Thursday, May 17, 2007

McDonnell upbeat but beaten

So the John McDonnell leadership bid is no more. He was unable to get the rather large number of MPs required to stand for the position and Gordon Brown is to crowned, unopposed, in six weeks time. Of course, as someone who is for any system that gets the people he supports elected it's rather difficult for him to complain about the undemocratic nature of the system, which in any case would look rather churlsh at this stage of the game.

It's clear that the forces of the left have shrunk to an all time low within the Parliamentary Labour Party and in the wider membership most decent people have left, although certainly not all. It's too early to tell whether this defeat will precipitate a demoralisation in the left of the party and it's likely that for some this will be the moment they choose to finally leave. It's hard not to feel sympaty for them when a strong left challenger can't even get himself on the ballot paper.

McDonnell sent out an email today saying that his leadership campaign meant that "Thousands of socialists have joined or rejoined the Labour party... We've recruited a whole new generation of young socialists, and won back those who had long since given up hope. We're now in a stronger position to fight for socialist policies than we have been for years." I'm sorry to say that *if* this is true it just shows how weak the left in Labour has been for more than a decade, and it also shows why many socialists outside of Labour were unwilling to join up and support a campaign designed to revitalise a party they no longer support.

The problem of gathering nominating MPs can't just be put down to careerism, neo-liberal consensus and lack of back bone though. The attitude of McDonnell supporters to others to the left of the Blair / Brown axis could well have played a role in alienating a few crucial potential supporters too.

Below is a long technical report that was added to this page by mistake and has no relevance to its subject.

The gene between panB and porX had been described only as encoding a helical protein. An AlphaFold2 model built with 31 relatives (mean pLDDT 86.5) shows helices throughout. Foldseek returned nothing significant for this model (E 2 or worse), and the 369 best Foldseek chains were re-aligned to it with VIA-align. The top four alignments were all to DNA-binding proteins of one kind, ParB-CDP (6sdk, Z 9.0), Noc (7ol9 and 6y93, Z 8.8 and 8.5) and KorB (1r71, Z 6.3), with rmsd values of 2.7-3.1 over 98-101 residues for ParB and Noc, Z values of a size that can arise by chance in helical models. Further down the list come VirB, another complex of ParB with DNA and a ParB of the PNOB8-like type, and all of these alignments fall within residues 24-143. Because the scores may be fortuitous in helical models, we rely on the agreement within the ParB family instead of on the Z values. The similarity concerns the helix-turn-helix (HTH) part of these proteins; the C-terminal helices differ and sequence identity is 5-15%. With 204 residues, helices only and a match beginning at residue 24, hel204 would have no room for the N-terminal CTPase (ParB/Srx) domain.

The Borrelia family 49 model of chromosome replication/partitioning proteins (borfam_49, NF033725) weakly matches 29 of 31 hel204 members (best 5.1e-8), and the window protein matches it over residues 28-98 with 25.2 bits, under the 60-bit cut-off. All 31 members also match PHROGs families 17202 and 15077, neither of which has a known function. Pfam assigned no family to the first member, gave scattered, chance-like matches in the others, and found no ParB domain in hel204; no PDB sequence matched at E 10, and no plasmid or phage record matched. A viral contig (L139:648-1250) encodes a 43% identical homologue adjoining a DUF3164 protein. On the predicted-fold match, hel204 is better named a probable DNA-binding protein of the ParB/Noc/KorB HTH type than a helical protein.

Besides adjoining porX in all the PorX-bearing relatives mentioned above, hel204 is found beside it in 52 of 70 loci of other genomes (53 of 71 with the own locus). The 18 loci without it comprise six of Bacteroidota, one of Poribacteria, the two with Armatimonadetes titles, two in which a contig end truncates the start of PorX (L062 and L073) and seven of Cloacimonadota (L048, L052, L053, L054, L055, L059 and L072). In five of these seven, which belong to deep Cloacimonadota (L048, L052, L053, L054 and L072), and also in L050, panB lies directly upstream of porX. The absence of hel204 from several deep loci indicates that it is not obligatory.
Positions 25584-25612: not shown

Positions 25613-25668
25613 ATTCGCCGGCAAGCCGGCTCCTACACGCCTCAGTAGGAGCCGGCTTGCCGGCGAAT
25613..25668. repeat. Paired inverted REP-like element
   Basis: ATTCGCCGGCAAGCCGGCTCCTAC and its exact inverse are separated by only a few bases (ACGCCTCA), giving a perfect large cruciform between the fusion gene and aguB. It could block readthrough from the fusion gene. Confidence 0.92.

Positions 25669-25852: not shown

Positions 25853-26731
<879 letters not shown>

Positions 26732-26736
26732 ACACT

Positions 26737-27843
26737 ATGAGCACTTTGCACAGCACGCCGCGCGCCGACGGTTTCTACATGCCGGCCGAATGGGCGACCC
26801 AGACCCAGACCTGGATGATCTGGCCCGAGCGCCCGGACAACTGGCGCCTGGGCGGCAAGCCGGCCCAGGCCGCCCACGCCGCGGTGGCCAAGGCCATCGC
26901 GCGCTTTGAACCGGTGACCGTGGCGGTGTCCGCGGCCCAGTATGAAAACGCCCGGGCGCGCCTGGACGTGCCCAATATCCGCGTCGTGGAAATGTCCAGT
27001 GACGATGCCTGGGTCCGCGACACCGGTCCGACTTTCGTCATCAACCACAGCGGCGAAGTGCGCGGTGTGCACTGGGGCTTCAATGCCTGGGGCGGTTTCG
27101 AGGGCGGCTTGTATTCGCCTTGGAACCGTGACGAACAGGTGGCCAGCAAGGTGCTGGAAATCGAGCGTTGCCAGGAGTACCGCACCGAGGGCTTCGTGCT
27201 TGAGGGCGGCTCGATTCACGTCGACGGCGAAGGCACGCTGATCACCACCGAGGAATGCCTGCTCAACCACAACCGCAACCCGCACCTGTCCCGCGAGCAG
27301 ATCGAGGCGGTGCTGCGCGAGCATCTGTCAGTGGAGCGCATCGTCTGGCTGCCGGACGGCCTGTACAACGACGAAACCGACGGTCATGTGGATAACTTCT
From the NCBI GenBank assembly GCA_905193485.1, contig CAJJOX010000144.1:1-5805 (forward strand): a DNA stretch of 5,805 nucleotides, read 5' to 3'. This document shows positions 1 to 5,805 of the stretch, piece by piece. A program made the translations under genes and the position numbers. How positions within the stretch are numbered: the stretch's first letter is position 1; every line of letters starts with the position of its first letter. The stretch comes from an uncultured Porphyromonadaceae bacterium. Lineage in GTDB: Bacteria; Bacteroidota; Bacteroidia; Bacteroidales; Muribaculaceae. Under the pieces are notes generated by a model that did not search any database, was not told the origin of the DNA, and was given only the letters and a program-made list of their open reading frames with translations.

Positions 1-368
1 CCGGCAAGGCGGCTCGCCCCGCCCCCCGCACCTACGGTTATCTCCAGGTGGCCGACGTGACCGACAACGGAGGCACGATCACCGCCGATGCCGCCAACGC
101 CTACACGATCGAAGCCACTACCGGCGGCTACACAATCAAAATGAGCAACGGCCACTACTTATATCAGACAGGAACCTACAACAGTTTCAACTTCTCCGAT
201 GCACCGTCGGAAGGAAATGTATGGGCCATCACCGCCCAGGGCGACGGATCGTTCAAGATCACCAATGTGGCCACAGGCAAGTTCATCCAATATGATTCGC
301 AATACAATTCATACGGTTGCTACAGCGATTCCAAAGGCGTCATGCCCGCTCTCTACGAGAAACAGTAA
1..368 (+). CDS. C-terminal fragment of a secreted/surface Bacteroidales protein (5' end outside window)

Cruddas and WoodleyMcDonnell refused to back the most left leaning deputy leader candidate, Jon Cruddas, making support wholly conditional on reciprocated support. A better strategy might have been to hug him unconditionally and publicly, attempting to win Cruddas over to the idea of a broad left challenge rather than the 'my way or the highway' leadership style pioneered by Blair.

I'm not keen on Cruddas myself, although I did just vote for him in a YouGov survey as the best of a bad bunch (sign up here if you like). However if the aim was to shift the party to the left and McDonnell was desperately short of Parliamentary support (which Cruddas was not) then a more conciliatory tone was required - if you're serious about the leadership campaign that is.

One blog commentator showed this position quite clearly when they stated that "As a Cruddas supporter I couldn't give a monkeys whether you [a mcDonnell supporter] vote for Jon Cruddas. You were never going to anyway. The hard left should accept that Jon Cruddas is NOT going to nominate McDonnell. You have spent months insulting Jon Cruddas and now you want him to save John McDonnell. There's a thing called karma and you are now becoming acquainted with it."

Meacher in full flowLikewise the hostile attitude to Meacher and his supporters may or may not have been justified (and I don't think it was) but what it did do was make them wary of McDonnell and some self criticism of the overt hostility to others in the Labour Party could be useful for the future. The whole idea that you can demand support from people who you have noting but contempt for - and are in anyway likely to get it seems a little unrealistic to me.